Lean summer may mean fewer cubs


— Local wildlife managers say that a late spring frost will impact bear populations in Routt County.
Recently, Colorado Division of Wildlife officials have reported that lack of food in the forests of the Front Range, the Colorado River Basin and the Roaring Fork Basin will reduce the number of bear cubs born next spring in Colorado.
"That's the same thing here," local DOW area manager Jim Haskins said. "I suspect that we will have sows going (into hibernation) in bad condition."
When that happens, the fertilized egg in a female bear will not implant into the uterus, so the pregnancy doesn't take. That is a natural occurrence if the bear doesn't have enough fat in its body to produce milk for the cub.
Area manager Mike Middleton said the primarily reason for the lack of food was a late frost in the spring time that killed the buds of plants that produce bear food.
"The (bears) I've seen are down in fat from what they would normally be at this time of the year," he said.
Bears eat berries, acorns and grass. Typically, the animals eat 20 hours a day to save up enough fat to make it through the winter. They often find a good spot with lots of Gambel oak and gorge on its acorns for weeks, Middleton said.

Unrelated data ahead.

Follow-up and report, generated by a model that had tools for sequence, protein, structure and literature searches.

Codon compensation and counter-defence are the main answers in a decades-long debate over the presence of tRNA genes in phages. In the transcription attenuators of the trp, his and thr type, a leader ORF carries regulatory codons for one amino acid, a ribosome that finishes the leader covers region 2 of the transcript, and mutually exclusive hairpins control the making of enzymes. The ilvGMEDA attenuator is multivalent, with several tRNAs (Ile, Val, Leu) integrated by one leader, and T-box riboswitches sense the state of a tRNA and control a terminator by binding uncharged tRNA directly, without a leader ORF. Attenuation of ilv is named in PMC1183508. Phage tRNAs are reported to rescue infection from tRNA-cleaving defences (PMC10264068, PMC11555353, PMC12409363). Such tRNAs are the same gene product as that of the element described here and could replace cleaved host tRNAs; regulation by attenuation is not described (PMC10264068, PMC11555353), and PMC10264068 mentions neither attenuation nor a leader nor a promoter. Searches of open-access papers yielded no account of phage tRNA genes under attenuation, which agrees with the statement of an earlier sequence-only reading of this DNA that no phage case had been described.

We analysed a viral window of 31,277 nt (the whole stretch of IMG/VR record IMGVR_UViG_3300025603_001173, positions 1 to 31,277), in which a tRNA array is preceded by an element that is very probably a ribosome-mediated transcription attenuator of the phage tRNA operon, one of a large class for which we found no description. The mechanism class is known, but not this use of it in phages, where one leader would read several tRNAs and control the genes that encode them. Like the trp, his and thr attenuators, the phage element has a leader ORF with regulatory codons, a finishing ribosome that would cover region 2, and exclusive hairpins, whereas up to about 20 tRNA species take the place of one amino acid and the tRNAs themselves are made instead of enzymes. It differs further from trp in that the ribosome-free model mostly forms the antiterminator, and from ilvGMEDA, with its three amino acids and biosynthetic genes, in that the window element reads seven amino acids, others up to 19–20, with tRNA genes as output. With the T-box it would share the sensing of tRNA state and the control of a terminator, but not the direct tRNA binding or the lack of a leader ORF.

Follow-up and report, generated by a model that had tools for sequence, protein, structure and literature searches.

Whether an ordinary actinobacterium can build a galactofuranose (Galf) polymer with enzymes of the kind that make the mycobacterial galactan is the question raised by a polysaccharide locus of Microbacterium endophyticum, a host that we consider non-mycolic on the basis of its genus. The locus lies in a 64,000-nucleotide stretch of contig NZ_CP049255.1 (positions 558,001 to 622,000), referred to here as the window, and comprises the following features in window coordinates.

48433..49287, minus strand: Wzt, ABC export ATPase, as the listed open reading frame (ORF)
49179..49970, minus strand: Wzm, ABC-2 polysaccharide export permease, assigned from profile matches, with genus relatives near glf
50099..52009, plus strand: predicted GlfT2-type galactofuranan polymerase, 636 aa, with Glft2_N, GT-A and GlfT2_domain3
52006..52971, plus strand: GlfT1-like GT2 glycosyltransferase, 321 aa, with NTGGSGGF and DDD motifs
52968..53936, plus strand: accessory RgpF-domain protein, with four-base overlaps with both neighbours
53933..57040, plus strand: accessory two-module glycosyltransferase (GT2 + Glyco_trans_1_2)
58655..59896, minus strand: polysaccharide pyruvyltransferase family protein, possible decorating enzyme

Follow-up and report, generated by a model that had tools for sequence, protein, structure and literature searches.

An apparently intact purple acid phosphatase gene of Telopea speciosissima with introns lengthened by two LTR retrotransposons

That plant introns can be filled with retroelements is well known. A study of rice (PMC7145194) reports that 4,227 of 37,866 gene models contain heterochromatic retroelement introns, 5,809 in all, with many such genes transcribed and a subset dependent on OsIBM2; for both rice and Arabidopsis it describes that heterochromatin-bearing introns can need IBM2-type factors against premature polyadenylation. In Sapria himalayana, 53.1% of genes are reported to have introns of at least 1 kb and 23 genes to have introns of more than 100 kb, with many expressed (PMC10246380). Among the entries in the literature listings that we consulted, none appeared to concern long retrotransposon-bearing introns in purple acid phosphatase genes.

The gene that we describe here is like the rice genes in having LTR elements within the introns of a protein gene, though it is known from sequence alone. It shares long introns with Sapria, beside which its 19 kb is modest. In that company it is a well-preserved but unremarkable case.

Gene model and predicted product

"This year, there's not an acorn to be found," he said.
Middleton added that the problem may not be as dramatic as people fear, but there most likely will be some impact on population.
"I'm sure, in some areas, we may take a pretty good hit," he said.
But officials won't know for a couple of years how big a hit it will be. That won't be evident until spring's cubs can be seen in the adult population.
"It's kind of a crap shoot," Haskins said.
However, the lack of food has immediately impacted the number of bears killed by hunters so far this year.
"We've been seeing hunters take a few more bears than normal this year," Middleton said.
The lack of food has made the bears more active in the forest because they are looking for something to eat. That increases the chance the animal will be spotted by a hunter, Middleton said.
Depending on the weather, it will be at least a month before the bears go into hibernation. A fat sow will go to sleep for the winter in the third week of October, while males and thinner females might wait until mid-November to hit the hay.

To reach Doug Crowl call 871-4206 or e-mail dcrowl@amigo.net


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